Like many things in this world the labels hipsters achieve by way of pop culture are not entirely true or false. As much as people like labeling things and labeling people, there is just too much diversity to try and place people into buckets. While many of the stereotypes and media portrayals hold up from time to time this sub culture is constantly evolving and common labels just can’t keep up. I chose this topic in part because of the fact that I’ve been called a hipster myself. I would beg to differ with the association, maybe it was my skinny jeans or black rimmed glasses that gave away that vibe, but I would argue the association. Maybe it’s the hipster in me that is in denial of fitting the stereotypes. I strive to be an individual and have my own style, although in the end my non-conformity probably conforms to many others like me. It’s a vicious cycle and a tricky assertion to pin down. Like you’ll find in many articles, hipsters hate being called hipsters, so whatever the current definition is, a new one is in the works. Deep within the general stereotypes I think there are some core values that serve true from time to time, but as one checks out another one is not valid. I don’t think it’s fair to place a label on someone just because of the way they appear. Being independent and driven I take pride in and I definitely see those values reflect in hipster culture. Ideas of non-conformity and anti-mainstream are at the front of that idea and constantly evolving young urbanites. Most of all is an idea of self-expression and individualism. So if you wanna be a hipster, be yourself.
Alford, Henry. “How I Became a Hipster.”The New York Times. The New York Times, 1 May 2013. Web. 14 May 2014. <http://www.nytimes.com/2013/05/02/fashion/williamsburg.html?pagewanted=all&_r=1&>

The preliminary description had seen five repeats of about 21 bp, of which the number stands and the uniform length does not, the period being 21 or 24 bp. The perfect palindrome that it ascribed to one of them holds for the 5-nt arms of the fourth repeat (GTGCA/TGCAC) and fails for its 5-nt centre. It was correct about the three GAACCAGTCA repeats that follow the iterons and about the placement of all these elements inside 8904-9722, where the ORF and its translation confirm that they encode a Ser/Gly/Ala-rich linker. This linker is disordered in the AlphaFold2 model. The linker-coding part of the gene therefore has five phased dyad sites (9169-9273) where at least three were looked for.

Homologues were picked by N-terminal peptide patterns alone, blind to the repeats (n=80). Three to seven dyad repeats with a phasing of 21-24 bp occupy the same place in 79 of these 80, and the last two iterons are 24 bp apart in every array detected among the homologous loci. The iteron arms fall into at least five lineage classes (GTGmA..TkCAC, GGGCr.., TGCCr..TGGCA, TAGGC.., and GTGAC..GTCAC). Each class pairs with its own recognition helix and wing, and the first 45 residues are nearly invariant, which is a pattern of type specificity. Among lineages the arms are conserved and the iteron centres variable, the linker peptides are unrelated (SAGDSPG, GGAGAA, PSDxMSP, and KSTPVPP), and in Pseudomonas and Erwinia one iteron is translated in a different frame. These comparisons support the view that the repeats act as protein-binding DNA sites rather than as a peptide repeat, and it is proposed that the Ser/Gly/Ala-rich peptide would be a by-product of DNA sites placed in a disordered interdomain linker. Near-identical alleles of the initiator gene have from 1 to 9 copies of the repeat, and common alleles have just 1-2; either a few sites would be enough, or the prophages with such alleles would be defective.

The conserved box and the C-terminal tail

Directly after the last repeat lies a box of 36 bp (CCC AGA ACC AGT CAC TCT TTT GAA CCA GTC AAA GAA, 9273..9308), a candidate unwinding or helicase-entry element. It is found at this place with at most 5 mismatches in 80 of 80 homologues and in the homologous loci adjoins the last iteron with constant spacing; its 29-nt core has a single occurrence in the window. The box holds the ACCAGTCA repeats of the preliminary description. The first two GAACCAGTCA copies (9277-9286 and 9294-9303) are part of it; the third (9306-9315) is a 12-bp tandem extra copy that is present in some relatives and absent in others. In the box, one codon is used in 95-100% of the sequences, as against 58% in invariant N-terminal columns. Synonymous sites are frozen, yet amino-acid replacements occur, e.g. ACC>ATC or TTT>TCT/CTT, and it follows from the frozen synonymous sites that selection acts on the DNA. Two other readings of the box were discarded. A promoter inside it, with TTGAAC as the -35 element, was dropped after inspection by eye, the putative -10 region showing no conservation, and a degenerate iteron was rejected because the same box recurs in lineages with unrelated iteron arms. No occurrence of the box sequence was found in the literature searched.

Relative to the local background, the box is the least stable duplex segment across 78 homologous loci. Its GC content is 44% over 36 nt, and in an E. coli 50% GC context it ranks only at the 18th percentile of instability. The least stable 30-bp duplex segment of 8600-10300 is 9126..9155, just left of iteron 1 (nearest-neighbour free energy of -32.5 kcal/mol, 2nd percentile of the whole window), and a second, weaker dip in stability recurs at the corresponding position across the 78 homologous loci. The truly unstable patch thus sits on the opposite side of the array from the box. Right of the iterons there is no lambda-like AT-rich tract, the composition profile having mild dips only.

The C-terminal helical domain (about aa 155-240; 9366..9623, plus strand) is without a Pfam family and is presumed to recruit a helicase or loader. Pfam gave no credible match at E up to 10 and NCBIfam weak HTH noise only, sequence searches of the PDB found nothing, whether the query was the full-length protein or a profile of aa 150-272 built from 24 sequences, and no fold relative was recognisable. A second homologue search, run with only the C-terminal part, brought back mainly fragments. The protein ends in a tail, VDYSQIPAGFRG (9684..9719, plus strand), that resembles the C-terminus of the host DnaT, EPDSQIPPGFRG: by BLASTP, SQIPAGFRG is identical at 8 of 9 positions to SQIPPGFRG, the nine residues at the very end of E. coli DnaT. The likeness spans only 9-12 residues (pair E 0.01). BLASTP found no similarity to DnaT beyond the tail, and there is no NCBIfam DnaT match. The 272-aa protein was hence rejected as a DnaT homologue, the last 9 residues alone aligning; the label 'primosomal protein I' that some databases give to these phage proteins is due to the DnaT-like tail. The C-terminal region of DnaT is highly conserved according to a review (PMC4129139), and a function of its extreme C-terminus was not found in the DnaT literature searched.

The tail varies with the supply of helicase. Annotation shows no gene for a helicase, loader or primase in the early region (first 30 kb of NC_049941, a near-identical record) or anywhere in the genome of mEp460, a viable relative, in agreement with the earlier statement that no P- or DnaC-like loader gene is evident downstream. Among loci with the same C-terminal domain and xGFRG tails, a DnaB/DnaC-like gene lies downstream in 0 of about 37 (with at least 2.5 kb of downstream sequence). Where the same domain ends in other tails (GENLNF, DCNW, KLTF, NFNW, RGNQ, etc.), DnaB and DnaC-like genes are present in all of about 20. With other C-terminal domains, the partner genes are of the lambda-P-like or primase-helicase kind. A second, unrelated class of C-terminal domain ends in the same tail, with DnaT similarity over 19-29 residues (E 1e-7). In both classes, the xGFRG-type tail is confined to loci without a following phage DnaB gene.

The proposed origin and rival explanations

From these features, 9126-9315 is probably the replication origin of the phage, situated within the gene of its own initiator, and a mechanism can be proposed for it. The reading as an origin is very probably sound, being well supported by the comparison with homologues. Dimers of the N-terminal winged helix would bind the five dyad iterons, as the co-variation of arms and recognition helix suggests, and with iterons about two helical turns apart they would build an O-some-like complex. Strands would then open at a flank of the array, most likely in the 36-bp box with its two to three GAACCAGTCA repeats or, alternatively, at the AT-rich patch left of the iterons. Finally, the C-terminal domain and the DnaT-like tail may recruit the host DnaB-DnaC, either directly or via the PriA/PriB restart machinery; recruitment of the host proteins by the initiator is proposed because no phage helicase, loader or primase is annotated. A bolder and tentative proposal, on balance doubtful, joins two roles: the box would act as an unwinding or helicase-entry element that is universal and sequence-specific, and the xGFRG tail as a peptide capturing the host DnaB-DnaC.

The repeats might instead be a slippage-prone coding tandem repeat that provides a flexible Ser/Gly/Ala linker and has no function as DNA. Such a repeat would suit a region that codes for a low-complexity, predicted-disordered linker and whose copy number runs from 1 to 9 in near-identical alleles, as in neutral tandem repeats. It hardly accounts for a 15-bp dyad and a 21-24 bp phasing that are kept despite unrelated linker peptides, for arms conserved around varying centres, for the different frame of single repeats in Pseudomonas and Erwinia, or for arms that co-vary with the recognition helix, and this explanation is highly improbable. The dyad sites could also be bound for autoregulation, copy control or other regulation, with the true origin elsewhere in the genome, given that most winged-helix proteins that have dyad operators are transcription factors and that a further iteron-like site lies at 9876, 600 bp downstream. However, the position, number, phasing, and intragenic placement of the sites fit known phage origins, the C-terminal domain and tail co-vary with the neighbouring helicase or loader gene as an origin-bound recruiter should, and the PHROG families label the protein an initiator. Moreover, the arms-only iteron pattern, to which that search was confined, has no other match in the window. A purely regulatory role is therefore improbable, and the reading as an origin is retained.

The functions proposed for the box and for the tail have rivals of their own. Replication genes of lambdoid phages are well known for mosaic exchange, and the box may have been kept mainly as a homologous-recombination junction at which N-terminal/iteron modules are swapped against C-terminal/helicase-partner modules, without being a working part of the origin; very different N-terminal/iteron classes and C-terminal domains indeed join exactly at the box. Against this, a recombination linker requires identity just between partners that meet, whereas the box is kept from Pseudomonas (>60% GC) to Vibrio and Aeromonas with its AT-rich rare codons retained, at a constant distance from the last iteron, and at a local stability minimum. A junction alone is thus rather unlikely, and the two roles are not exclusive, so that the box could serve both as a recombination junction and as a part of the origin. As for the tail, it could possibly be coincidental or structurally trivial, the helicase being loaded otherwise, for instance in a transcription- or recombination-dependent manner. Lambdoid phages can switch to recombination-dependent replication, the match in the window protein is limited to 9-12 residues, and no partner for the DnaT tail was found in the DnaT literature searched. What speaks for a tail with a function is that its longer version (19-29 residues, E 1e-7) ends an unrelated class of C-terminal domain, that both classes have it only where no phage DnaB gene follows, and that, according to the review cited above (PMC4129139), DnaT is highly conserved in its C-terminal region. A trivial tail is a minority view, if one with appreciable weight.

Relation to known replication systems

Parasuco, Trey. “hipster.” Urban Dictionary. N.p., 22 Nov. 2007. Web. 29 May 2014. <http://www.urbandictionary.com/define.php?term=hipster>
Fletcher, Dan. “Hipsters.” Time. Time Inc., 29 July 2009. Web. 28 May 2014. <http://content.time.com/time/arts/article/0,8599,1913220,00.html>
Weeks, Linton. “The Hipsterfication Of America.” NPR. NPR, 17 Nov. 2011. Web. 14 May 2014. <http://www.npr.org/2011/11/16/142387490/the-hipsterfication-of-america>
Plumstead, Norm. “Artisan Food.”Gourmet Gift Baskets Traverse Gourmet Artisan Food. Web. 15 May 2014. <http://blog.traversegourmet.com/artisan-food/>
“Hipster (contemporary subculture).”Wikipedia. Wikimedia Foundation, 28 May 2014. Web. 14 May 2014. <http://en.wikipedia.org/wiki/Hipster_(contemporary_subculture)>
“hipster.” Merriam-Webster. Merriam-Webster, n.d. Web. 30 May 2014. <http://www.merriam-webster.com/dictionary/hipster>
“Episode 1, Season 1, Farm.” Armisen, Fred, Carrie Brownstein, and Jonathan Krisel. Portlandia. IFC. 21 Jan. 2011. Television.
“Episode 1, Season 2, Dan Soder.” Comedy Central’s the Half Hour. Comedy Central. 3 May 2013. Television.
“Cartman Hates Hipsters.” Marina Korotun and Patrick O’connor. YouTube. Web, 23 May 2013. <http://www.youtube.com/watch?v=sk_qfke1wN0>